Forecast for the Provo Area Mountains

Nikki Champion
Issued by Nikki Champion for
Sunday, February 11, 2024
Today, the avalanche danger remains CONSIDERABLE at the upper and mid-elevation slopes facing west through north and southeast. Deadly slab avalanches may fail in a persistent weak layer and be up to 6' deep. On all other slopes, the avalanche danger is MODERATE.
With the sun, the solar aspects may experience pinwheels, roller balls, and small sluffs as the cold snow heats up.
Yesterday should have served as a significant warning sign - we have a textbook setup for an avalanche accident. With clear skies, backcountry riders may be lured by the appealing riding conditions, but avalanche conditions remain dangerous. Most avalanche accidents and fatalities occur after peak instability. Avalanche terrain can be easily avoided today, as there is excellent riding on lower-angled slopes in all directions.
Learn how to read the forecast here
Special Announcements
There is a NEW beacon training park in Park City near the Park City Day School. We encourage you to check it out and practice your avalanche rescue skills.
Weather and Snow
This morning, skies are clear and temperatures range in the single digits F. Winds are primarily northwesterly and are light, with a few overnight gusts near 30 mph. Since yesterday morning, the mountains picked up an additional trace amount of snowfall.
Skiing and riding conditions are excellent at all elevations across the range.
Today, High pressure will build over the area at the start of the week, bringing about dry and stable conditions accompanied by light winds. Skies will remain clear and temperatures will climb into the mid to upper 20s F and northerly winds remaining light, gusting to 25 mph along the highest ridgetops.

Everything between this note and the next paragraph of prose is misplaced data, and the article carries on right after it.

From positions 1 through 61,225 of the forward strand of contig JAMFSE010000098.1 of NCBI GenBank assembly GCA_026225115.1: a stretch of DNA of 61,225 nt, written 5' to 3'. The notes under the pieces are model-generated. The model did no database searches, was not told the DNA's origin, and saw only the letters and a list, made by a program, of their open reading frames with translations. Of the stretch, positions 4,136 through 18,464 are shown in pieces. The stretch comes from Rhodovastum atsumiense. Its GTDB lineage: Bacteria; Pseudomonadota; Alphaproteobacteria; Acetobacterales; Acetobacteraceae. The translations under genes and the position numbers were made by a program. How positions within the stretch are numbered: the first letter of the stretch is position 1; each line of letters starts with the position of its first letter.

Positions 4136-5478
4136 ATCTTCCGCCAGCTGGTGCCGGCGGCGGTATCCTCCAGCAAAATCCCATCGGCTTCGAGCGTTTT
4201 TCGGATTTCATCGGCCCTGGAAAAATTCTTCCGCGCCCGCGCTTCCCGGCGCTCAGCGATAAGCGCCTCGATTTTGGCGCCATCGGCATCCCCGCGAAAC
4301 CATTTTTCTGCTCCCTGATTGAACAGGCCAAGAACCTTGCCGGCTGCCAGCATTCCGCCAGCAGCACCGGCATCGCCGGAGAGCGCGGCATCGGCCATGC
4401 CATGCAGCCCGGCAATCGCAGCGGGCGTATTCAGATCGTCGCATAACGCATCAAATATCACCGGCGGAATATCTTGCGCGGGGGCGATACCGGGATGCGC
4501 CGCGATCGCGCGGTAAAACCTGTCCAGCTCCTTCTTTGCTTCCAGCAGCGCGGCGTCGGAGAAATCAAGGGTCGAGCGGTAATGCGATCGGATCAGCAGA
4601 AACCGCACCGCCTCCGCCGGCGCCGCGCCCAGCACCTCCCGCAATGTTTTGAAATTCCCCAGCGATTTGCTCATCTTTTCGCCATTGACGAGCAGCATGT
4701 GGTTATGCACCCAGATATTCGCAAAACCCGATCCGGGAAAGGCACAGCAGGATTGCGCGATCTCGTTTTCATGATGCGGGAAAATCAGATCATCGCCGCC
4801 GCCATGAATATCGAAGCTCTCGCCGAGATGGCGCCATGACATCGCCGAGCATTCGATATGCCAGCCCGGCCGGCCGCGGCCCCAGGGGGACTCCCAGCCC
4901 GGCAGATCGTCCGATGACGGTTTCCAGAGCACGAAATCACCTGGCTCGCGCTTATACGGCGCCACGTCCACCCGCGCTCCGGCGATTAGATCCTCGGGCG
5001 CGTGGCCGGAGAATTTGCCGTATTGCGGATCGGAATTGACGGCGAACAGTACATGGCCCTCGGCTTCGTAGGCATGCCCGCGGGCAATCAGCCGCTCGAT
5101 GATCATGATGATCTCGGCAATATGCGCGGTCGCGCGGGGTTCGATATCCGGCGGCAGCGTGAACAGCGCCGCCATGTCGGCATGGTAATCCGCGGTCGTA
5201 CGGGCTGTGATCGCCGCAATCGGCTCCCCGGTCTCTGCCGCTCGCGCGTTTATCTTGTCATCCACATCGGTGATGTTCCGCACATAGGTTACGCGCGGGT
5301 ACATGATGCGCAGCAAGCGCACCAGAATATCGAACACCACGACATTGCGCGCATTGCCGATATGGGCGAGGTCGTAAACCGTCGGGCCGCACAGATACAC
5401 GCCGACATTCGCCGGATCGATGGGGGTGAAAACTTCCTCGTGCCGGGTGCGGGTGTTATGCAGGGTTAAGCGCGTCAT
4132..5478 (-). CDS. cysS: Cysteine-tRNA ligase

There might be some unsettled weather later this week, but it's more likely to snow again by next Monday.
Recent Avalanches
Yesterday was active in the backcountry, with a few reports of sensitive slabs within the new snow. One near miss in Pole Canyon, caught and carried two riders after a soft slab of new snow failed on a buried layer of graupel. See photo below.
However, the primary red flags were massive avalanches failing into the buried Persistent Weak Layer, with two notable avalanches occurring at the following locations:
  • Main Gobblers - Millcreek Canyon - 9800' - Northwest Aspect - Hard slab failing on facets 5' deep - 400' wide - running approx 1000'
  • Cardiac Ridge - Cardiff Fork - 10,800' - East Aspect - Hard slab failing on facets 3.5-4' deep - approx 350' wide.
The UAC Data Explorer highlights the locations of both the smaller new snow avalanches, as well as the larger avalanches being triggered on PWL. Pay attention to the terrain and aspects being traveled today.

Be sure to make reading reported avalanches and observations part of your backcountry planning.
Avalanche Problem #1
Persistent Weak Layer
Yesterday's avalanches failing in the persistent weak layer (PWL) should serve as a stark reminder that this avalanche problem remains a serious concern, particularly in the most suspect areas—steep, shallow, and rocky terrain features where we know the persistent weak layer (PWL) exists, or areas that have previously avalanched on this persistent weak layer throughout the season.
Several feet of snow, containing over 6 inches of water, should eventually help heal our persistent weak layer (PWL) problem. However, for now, it has only complicates the situation. What was once a 1-2' slab in early February has now transformed into a 3-6' slab throughout the range, potentially even deeper in wind-drifted areas. These are deep and deadly hard-slab avalanches. The weak layer is just as strong as it was prior to the storm, but the slab over the top is significantly thicker. The bottom line is that there's more weight, resulting in larger avalanches. It's imperative to give this weak layer time.
While the new snow instabilities should be settling, there may still be some sensitive soft slabs across all aspects and elevations in the range. Any avalanche initially triggered in the new snow could potentially step down deeper in areas where the persistent weak layer (PWL) is known to exist.

Be mindful not to let the appealing riding conditions overshadow the avalanche conditions. Opt for lower-angle terrain for safer riding. The clear skies are creating conditions ripe for potential avalanche accidents. Our primary objective is ensuring everyone returns home safely at the end of the day.
General Announcements
This information does not apply to developed ski areas or highways where avalanche control is normally done. This forecast is from the U.S.D.A. Forest Service, which is solely responsible for its content. This forecast describes general avalanche conditions and local variations always occur.